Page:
All the meat samples were found to contain higher microbial load than prescribed standards. This study showed that 68% of samples were contaminated with S. aureus, 54% samples with E. coli, 34% samples with Salmonella spp., 40% of samples with Pseudomonas spp. and 6% samples with Vibrio spp. and Shigella spp. Presence of intestinal commensals E. coli, Salmonella spp., Shigella spp., Vibrio spp. indicates the alarming public health concerns, which needs to be studied in larger contexts to identify the source of contamination. This study also revealed that unhygienic processing and poor sanitation of meat shops and meat retailers were unaware of basic requirements and guidelines of meat shop. To upgrade the quality of raw meat, routine monitoring of meat shops, implementation of Animal Slaughter and Meat Inspection Act 2055 and awareness campaign for the butchers and consumers should be done.
Confirmation of bacteria by molecular methods was not performed. Similarly, serotyping of isolated pathogens were not done. Antibiotics susceptibility patterns of isolates were not examined.
colony forming unit
Food and Drug Administration
total viable count
total coliform count
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KB participated in study design, sample collection, processing, bacterial culture, data analysis and preparing the manuscript. DSL participated in sample collection, processing and bacterial identification. KR participated in data analysis and interpretation. HK participated in bacterial culture, identification and assisted in manuscript preparation. All authors read and approved the final manuscript.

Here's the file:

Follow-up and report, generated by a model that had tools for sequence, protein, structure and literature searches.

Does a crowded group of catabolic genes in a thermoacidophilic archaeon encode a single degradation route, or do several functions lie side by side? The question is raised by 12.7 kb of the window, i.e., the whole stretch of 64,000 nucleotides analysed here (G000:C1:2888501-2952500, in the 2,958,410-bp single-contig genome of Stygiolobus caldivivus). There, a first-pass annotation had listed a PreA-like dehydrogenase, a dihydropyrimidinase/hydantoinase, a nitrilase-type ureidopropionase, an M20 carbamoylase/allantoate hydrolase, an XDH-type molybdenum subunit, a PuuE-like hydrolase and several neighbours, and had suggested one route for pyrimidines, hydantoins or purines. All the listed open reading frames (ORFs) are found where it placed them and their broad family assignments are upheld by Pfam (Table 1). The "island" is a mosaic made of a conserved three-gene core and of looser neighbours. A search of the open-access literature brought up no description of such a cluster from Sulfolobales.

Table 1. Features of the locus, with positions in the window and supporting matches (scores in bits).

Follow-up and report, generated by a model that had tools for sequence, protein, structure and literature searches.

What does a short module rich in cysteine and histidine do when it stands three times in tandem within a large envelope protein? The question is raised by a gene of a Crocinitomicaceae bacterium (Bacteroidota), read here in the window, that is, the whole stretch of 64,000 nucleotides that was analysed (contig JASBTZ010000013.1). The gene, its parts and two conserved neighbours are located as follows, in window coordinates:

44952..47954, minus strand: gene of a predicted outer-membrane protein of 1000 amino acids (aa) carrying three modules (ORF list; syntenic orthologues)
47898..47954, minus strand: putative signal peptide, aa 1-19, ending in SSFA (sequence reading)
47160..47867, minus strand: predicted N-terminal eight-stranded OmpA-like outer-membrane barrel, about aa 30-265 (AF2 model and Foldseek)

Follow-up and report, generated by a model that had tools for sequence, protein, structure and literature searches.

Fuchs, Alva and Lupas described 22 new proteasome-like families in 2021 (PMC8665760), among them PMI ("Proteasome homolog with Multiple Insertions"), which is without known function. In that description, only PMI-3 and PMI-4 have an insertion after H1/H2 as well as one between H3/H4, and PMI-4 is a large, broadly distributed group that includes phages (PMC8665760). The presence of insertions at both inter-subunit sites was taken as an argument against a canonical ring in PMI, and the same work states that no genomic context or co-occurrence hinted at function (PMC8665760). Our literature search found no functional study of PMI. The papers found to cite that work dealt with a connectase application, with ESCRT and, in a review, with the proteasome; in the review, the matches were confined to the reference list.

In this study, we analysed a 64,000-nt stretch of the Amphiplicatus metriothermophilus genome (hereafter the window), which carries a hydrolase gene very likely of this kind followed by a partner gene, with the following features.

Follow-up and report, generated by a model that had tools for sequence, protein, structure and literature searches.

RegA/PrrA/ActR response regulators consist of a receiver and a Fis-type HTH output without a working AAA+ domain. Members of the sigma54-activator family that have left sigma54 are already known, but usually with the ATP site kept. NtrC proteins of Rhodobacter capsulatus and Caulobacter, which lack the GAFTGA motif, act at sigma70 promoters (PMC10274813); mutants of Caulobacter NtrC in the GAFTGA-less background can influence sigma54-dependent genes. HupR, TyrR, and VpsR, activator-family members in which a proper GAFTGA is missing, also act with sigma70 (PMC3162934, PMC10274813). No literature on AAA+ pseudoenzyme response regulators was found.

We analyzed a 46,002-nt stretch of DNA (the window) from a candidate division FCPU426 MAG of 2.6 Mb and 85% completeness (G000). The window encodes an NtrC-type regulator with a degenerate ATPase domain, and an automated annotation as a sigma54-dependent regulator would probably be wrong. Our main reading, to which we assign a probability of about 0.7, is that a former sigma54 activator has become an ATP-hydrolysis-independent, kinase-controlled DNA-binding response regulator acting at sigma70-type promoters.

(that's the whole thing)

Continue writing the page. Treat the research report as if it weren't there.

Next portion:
We are thankful to the butchers for co-operation and Department of Microbiology, Central Campus of Technology, Tribhuvan University, Dharan for their technical support.
The authors declare that they have no competing interests.
Availability of data and materials
All the required data and materials are provided in the manuscript.
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Ethics approval and consent to participate
This study was carried out as a part of the Thesis of Master of Science (M.Sc.) Microbiology and approved by Department of Microbiology, Central Campus of Technology. Consents of retail shopkeepers were taken orally before collecting samples.
None to declare. This research was carried out from the financial assistance provided by University Grant Commission, Nepal for the Masters Research Support Grant.